Mentions: We conducted a field survey supported by a comprehensive semi-structured questionnaire in the 173 registered commercial poultry farms in the Nakhon Pathom province, Thailand (Figure 1) from March to September 2011. The Nakhon Pathom province, in the central region of Thailand, has been selected for our study because of its extensive agriculture activities and for logistic reasons. The province (2,168 km²) consists of seven districts, 106 sub-districts and 870 villages, with nearly 1,000,000 inhabitants in 2011. Nakhon Pathom is nationally ranked 7th and 2nd for its broiler and duck meat production, 6th and 8th for chicken and duck layer farm (DLD, 2008). It has 212 registered poultry farms belonging to sector 1 to 3 (DLD, 2010). Farms belonging to sector 1 were not included in the study as they are considered to have limited vulnerability because they implement high level operating procedures to reduce the risk of viral incursions [6]. The sector 4 farms (backyard production with minimal bio-security and birds/products consumed locally) were also not included in this study as we considered that outdoor backyard production with minimal or no bio-security measures cannot be equally compared to farms [9,15].


Poultry farm vulnerability and risk of avian influenza re-emergence in Thailand.

Souris M, Selenic D, Khaklang S, Ninphanomchai S, Minet G, Gonzalez JP, Kittayapong P - Int J Environ Res Public Health (2014)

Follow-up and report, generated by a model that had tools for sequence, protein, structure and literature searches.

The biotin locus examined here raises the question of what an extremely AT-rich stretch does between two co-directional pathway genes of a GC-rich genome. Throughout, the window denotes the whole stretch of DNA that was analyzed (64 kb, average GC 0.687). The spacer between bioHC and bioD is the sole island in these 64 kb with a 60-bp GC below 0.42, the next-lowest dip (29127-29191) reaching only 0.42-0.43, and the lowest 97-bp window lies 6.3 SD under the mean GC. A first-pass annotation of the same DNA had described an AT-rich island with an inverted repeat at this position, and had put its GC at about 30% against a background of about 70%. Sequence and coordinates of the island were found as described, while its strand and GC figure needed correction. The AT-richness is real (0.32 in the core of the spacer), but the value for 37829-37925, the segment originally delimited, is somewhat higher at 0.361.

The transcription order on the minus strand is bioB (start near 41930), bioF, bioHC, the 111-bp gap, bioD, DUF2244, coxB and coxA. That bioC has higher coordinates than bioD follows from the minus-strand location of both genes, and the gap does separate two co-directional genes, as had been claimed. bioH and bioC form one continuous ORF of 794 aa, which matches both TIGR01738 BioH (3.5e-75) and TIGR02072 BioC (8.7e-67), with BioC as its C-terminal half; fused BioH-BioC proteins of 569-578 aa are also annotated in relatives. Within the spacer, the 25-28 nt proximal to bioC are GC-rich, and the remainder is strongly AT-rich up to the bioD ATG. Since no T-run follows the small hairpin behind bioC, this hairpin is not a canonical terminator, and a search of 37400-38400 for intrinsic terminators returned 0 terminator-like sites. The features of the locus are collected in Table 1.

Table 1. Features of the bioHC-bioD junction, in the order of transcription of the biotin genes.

Nakhon Pathom province in Thailand.
© Copyright Policy - open-access
Related In: Results  -  Collection

License
Show All Figures
getmorefigures.php?uid=PMC3924483&req=5

ijerph-11-00934-f001: Nakhon Pathom province in Thailand.
Mentions: We conducted a field survey supported by a comprehensive semi-structured questionnaire in the 173 registered commercial poultry farms in the Nakhon Pathom province, Thailand (Figure 1) from March to September 2011. The Nakhon Pathom province, in the central region of Thailand, has been selected for our study because of its extensive agriculture activities and for logistic reasons. The province (2,168 km²) consists of seven districts, 106 sub-districts and 870 villages, with nearly 1,000,000 inhabitants in 2011. Nakhon Pathom is nationally ranked 7th and 2nd for its broiler and duck meat production, 6th and 8th for chicken and duck layer farm (DLD, 2008). It has 212 registered poultry farms belonging to sector 1 to 3 (DLD, 2010). Farms belonging to sector 1 were not included in the study as they are considered to have limited vulnerability because they implement high level operating procedures to reduce the risk of viral incursions [6]. The sector 4 farms (backyard production with minimal bio-security and birds/products consumed locally) were also not included in this study as we considered that outdoor backyard production with minimal or no bio-security measures cannot be equally compared to farms [9,15].